States. Read the Statement. See if there’s anything you can disagree with there. I
couldn’t. But it sure got Tancredo all out of sorts. According to him, Mormon leaders
are guilty of “moral incoherence” because they pointed out that discriminating against
people based on religion is a bad idea. Of course, the offense to Mormons that Trump
and his campaign offer is nothing compared to the vilification he’s heaped on other
undeserving groups. And it is for that reason that I say, 39% in Utah is too high. In the
past, Mormons have been excluded from immigration and other civil rights based on
their religion. I can understand the hesitancy of some to cast a vote for Clinton, but I
cannot understand how any Mormon would feel comfortable casting a vote for someone
who promises to mistreat others the same way our ancestors were mistreated.
I’m not going to tell you that your religion demands that you vote against Trump. People
on both sides of the political spectrum have been telling me who Jesus wants me to vote
for ever since I was eligible to cast a ballot. But I would like my friends who are Mormon
to try a thought experiment. Imagine our ancestors in Missouri (even if they aren’t your
ancestors by blood, they certainly are in spirit). Can you see any of them saying, “sure,
governor Boggs is pretty bad on freedom of religion, but I’m going to vote for him
because he’ll appoint conservative judges.”?

In short, Governor Boggs issued Missouri Executive Order 44, aka the Extermination
Order, in October of 1838, basically allowing a Mormon to be shot on sight in the state
of Missouri. They were forced to give up their land, and forced to leave Missouri by
spring, making for a very difficult winter. After settling in Illinois for a time, they were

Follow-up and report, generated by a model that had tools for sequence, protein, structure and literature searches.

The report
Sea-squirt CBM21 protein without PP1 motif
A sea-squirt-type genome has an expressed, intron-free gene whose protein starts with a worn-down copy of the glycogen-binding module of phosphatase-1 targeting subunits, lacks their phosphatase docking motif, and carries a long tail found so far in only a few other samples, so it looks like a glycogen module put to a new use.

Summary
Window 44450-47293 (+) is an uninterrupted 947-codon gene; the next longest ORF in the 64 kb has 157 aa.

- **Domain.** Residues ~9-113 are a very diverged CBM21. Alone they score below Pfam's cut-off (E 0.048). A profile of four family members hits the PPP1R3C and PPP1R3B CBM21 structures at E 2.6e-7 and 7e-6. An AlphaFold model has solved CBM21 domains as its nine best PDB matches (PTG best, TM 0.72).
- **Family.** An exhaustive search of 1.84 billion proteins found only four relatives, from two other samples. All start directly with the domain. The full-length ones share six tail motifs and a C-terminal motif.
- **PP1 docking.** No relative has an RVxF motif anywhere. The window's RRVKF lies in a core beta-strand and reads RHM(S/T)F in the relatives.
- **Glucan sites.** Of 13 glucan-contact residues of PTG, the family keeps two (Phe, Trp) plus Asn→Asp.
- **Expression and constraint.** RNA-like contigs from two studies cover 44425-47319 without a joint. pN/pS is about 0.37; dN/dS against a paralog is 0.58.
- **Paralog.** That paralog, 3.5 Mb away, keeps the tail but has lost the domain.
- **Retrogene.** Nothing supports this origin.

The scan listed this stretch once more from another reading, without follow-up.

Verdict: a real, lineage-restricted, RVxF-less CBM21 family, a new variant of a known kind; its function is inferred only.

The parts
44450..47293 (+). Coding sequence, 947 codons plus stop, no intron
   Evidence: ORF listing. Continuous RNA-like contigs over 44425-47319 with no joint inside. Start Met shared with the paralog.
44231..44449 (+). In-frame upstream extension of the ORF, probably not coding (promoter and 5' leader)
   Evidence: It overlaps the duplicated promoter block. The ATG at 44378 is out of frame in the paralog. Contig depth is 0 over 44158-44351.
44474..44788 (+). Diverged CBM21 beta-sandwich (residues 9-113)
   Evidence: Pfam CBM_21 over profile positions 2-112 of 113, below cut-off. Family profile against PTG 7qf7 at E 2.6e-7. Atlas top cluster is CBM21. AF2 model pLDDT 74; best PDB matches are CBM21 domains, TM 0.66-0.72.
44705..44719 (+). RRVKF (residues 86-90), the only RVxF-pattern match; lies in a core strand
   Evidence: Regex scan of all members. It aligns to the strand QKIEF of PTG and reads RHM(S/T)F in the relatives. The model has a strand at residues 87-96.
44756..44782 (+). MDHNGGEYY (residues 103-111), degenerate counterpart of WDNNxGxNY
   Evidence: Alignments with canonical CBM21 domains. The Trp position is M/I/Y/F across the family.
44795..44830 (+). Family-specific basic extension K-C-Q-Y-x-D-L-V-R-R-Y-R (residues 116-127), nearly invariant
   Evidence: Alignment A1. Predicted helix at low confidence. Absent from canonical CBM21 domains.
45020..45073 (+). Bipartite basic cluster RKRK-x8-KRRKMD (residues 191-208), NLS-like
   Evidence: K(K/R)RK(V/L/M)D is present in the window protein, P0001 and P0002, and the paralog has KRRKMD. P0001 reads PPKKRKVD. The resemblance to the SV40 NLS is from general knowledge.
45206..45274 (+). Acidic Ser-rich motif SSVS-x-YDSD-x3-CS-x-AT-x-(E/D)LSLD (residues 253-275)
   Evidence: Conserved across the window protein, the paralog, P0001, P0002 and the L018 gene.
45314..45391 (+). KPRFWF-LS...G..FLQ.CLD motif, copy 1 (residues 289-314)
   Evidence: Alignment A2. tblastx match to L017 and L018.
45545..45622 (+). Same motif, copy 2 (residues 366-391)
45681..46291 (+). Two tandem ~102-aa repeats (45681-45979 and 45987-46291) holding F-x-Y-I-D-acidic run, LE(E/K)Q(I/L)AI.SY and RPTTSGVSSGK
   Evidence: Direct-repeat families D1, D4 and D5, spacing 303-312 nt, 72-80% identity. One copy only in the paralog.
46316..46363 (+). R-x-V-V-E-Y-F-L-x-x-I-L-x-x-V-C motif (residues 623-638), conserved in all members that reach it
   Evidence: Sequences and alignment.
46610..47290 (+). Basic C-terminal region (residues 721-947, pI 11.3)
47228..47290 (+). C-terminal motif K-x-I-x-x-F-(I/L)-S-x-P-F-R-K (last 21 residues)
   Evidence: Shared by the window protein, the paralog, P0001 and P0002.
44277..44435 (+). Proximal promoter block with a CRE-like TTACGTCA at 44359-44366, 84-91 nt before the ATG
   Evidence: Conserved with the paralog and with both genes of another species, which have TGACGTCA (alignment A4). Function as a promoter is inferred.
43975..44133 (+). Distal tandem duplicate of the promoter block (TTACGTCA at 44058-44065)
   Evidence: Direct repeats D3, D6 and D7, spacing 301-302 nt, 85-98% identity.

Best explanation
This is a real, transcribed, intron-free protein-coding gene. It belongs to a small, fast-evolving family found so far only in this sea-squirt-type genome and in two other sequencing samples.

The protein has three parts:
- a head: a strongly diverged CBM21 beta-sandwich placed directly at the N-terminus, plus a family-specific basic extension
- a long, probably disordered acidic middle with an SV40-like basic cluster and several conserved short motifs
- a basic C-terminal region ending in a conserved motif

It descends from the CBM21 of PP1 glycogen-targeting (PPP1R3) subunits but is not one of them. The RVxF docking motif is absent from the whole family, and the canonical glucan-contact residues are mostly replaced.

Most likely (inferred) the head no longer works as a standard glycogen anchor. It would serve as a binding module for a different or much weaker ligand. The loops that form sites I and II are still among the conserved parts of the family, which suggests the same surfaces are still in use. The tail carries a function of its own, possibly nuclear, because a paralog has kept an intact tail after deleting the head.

eventually forced from there as well, although many left voluntarily after the
assassination of Joseph Smith. At this time, they decided to make the long, grueling
trek across the United States to settle in Utah, where church headquarters still are
today. Not a very nice piece of history for us.

To my friend’s statements about conservative judges, I would also like to add, if the
SCOTUS issue is the most important to you, what makes you think Trump would have
better Supreme Court Justice nominees? (I’m looking at you right now, Doug!) Sure, all
we ever have is a politician’s promise of what he or she will or won’t do, but I just cannot
understand why people blindly believe everything the Donald says. He has shown
himself to be an untrustworthy person in his business dealings, and in his personal life,
so why would he suddenly be worthy of trust if he became president?

Personally, I can’t stand either of these two clowns, which is why I refuse to vote for
either of them. After making my views known to those who asked, I have been ridiculed
for my decision not to vote for Trump (I am a registered Republican after all), and been
told it will be my fault if Clinton gets elected. This has been a troubling election for me;
I’ve never been at political odds from my family before. But I can no longer in good
conscience swallow the bitter pill of “the lesser of two evils” and “toe the party line” of a
party that has gone so far away from the party that I initially signed up with so as to be
unrecognizable. I have stopped calling myself a Republican and started saying “I’m
conservative” for a long time now, but this election cycle has gone too far for me. I must
now make a stand against what I believe is destroying the GOP and therefore, I cannot
support Trump. But, despite what you may think, that doesn’t mean I like or support
Clinton.

Filed under: ElectionsReligion